James Earl Jones Reads “The Meaning of the Fourth of July for the Negro” (1852)

This is a video of esteemed actor James Earl Jones reciting an excerpt from Frederick Douglass’s speech “The Meaning of July Fourth for the Negro,” (July 5, 1852).  This speech begins so humbly: “Fellow citizens: pardon me…”.  Douglass then explains to the crowd that the fourth of July is a white man’s holiday, unless the black man is truly free.  How can someone who is enslaved celebrate liberty?  As one of Douglass’s most famous speeches, it reminds the listeners, both in 1852 and 2012, that freedom is never fully attained.

I chose to post James Earl Jones’ recitation because his voice captures the original tone of the speech.  His voice is resonates with sincerity and truth, just as the words of the speech resonate in the listener’s mind for days afterward.  James Earl Jones often springs to mind when people discuss great modern African American actors.  Like Frederick Douglass, he acts as the representative of a greater populous.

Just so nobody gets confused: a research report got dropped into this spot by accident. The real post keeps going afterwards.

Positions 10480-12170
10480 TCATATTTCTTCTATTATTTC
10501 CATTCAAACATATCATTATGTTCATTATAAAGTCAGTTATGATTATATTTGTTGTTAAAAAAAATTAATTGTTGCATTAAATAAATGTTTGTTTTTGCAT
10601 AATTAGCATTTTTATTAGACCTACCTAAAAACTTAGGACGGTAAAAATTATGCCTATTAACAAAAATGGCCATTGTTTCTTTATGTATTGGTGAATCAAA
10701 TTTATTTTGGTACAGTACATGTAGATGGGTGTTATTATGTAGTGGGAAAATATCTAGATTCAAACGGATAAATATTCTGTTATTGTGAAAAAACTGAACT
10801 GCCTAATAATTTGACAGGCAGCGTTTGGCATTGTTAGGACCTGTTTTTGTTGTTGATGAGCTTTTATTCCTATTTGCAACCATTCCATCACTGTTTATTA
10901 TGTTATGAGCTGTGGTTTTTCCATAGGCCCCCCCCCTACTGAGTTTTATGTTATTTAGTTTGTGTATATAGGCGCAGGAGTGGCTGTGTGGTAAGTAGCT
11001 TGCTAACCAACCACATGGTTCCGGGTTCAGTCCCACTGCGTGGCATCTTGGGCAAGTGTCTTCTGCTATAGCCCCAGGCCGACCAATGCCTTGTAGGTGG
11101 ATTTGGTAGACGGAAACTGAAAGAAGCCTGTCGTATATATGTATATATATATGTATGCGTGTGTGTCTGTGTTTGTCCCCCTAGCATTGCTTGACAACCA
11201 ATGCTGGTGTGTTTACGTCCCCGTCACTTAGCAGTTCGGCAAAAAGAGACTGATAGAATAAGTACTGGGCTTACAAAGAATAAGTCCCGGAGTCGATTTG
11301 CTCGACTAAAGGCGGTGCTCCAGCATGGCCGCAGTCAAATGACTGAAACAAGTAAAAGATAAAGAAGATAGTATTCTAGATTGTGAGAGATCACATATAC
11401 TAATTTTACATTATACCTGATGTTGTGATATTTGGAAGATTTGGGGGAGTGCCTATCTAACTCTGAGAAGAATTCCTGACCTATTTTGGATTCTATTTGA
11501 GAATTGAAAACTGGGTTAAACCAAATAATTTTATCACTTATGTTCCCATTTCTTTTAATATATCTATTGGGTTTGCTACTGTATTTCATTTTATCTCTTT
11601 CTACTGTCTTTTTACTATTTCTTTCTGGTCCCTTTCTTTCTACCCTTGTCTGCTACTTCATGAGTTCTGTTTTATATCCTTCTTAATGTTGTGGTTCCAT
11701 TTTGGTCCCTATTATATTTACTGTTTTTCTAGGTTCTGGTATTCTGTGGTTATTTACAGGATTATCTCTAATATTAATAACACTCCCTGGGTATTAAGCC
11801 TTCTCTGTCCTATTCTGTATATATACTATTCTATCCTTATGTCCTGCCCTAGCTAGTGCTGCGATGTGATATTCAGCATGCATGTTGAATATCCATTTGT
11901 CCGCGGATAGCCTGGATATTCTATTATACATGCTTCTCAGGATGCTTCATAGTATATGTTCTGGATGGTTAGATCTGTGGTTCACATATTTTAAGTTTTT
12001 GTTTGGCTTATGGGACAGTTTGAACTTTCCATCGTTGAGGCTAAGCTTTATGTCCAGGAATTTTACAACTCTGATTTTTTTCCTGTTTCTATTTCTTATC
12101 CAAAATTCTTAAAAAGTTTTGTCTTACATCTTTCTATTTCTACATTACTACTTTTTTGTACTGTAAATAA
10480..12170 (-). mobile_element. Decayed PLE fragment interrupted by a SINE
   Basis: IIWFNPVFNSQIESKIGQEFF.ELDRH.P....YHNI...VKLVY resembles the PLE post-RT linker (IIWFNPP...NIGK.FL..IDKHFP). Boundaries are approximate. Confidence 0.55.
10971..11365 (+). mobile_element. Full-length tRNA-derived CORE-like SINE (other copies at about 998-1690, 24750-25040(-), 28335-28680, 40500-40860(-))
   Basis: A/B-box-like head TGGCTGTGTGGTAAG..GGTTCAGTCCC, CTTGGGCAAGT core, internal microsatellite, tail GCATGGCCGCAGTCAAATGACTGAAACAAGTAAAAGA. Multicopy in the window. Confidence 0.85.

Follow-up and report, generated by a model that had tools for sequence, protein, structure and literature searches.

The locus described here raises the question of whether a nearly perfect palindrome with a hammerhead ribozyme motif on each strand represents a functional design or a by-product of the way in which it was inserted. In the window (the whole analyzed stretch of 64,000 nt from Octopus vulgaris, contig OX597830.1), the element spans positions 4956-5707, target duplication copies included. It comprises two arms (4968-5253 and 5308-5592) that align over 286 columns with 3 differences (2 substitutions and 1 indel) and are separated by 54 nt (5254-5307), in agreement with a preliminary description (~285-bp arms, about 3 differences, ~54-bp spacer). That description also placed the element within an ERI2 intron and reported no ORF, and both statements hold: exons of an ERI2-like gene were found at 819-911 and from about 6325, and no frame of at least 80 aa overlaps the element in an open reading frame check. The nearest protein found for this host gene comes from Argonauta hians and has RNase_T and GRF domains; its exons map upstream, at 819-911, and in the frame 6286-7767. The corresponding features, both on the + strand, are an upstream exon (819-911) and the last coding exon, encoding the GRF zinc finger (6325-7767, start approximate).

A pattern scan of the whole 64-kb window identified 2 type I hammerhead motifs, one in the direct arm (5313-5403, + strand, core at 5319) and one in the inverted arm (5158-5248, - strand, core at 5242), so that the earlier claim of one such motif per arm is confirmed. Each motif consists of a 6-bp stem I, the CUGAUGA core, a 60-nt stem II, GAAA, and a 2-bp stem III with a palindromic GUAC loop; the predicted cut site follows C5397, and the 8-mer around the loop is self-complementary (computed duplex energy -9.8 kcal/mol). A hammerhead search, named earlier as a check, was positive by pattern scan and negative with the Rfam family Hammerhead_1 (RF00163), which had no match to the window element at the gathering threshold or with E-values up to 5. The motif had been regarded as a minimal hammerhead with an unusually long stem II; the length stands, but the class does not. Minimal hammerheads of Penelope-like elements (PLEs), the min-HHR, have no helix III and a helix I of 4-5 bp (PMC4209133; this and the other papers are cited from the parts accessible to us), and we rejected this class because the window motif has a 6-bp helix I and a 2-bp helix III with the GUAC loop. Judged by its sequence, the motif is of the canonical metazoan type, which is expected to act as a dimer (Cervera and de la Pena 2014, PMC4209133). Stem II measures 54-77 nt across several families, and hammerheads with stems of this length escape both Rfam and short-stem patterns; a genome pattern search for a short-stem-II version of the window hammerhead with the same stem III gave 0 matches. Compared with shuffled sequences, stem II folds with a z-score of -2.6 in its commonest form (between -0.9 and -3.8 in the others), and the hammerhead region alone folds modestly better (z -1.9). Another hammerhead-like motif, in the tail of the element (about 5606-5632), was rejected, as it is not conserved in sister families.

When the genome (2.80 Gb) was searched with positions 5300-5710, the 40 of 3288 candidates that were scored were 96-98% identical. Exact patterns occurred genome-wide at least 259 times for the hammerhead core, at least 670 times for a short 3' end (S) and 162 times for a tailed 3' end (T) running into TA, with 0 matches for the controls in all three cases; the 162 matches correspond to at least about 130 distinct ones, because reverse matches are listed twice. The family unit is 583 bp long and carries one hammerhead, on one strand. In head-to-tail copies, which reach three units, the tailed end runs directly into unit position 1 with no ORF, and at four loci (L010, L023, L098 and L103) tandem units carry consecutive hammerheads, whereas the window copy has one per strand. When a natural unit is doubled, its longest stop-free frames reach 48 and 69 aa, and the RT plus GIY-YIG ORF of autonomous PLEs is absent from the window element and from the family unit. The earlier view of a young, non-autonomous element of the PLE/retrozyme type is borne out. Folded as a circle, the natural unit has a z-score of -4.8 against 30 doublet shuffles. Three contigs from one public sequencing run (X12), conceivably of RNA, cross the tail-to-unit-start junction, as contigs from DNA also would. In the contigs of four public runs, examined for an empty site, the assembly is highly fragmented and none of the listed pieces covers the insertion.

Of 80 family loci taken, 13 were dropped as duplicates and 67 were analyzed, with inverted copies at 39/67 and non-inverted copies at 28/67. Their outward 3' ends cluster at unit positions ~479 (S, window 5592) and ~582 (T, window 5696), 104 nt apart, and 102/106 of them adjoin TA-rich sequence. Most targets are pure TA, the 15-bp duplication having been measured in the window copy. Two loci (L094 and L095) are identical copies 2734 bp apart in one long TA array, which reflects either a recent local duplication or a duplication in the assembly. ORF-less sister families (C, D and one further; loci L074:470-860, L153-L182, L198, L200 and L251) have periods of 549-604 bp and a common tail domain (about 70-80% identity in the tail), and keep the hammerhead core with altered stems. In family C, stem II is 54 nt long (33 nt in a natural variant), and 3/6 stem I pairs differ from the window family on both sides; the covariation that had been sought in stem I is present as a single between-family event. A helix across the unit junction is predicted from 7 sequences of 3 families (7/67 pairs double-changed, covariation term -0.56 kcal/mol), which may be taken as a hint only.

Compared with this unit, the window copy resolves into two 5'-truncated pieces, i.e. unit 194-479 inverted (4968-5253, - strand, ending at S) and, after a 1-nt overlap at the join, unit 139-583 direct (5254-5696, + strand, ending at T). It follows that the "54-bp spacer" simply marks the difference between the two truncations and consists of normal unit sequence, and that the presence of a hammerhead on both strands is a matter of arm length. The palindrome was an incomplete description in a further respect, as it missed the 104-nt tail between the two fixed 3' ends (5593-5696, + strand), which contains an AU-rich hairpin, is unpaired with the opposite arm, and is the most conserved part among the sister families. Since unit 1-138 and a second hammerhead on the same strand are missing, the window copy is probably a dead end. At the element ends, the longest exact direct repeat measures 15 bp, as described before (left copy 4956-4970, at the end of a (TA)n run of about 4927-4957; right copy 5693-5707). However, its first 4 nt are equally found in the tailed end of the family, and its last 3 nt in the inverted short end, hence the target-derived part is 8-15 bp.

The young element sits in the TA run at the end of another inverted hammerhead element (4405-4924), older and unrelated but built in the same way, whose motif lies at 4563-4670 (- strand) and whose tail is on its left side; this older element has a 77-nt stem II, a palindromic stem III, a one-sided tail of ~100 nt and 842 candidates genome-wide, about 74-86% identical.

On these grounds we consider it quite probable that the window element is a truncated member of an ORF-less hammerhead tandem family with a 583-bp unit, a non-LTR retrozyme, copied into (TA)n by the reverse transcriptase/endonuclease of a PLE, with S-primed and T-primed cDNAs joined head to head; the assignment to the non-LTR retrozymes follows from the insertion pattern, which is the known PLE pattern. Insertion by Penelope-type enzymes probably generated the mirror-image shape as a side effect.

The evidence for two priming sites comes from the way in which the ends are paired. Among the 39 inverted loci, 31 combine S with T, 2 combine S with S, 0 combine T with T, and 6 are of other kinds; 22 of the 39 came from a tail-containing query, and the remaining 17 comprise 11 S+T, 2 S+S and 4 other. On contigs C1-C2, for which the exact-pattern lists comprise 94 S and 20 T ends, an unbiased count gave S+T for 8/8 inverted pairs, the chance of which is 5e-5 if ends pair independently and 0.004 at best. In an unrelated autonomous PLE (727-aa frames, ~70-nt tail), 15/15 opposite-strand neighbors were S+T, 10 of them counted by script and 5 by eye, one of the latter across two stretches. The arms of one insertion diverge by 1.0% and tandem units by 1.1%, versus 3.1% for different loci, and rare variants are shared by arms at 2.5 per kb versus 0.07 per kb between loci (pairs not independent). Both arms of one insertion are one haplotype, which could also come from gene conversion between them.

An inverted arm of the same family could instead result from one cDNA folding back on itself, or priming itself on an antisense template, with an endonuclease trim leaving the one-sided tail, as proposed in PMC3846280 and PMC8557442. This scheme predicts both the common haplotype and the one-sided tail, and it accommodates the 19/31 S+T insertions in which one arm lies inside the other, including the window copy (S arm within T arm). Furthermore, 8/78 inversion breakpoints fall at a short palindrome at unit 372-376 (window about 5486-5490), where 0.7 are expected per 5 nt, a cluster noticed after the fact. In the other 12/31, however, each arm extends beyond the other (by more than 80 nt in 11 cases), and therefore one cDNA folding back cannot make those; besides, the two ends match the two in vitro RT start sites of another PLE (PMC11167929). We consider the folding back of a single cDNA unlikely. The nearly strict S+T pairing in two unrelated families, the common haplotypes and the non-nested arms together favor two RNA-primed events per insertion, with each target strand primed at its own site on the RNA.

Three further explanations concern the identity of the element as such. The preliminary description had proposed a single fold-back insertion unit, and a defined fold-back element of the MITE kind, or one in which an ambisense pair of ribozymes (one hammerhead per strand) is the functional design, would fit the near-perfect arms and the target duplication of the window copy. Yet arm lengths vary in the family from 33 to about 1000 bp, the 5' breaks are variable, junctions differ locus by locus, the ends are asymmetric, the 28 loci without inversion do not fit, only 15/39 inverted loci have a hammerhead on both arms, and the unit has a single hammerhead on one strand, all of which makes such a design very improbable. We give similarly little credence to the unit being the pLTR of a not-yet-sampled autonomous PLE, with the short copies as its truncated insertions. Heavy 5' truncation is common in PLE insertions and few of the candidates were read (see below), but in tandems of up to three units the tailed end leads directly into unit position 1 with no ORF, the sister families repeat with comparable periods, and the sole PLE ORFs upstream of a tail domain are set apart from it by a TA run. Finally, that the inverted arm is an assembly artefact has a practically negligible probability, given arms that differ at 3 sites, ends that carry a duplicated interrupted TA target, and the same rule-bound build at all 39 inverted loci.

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1 Comment

Filed under Emily, Frederick Douglass Archive

One response to “James Earl Jones Reads “The Meaning of the Fourth of July for the Negro” (1852)

  1. I visited a lot of website but I believe this one has something extra in it. “I’m not the type to get ulcers. I give them.” by Edward Irving Koch.

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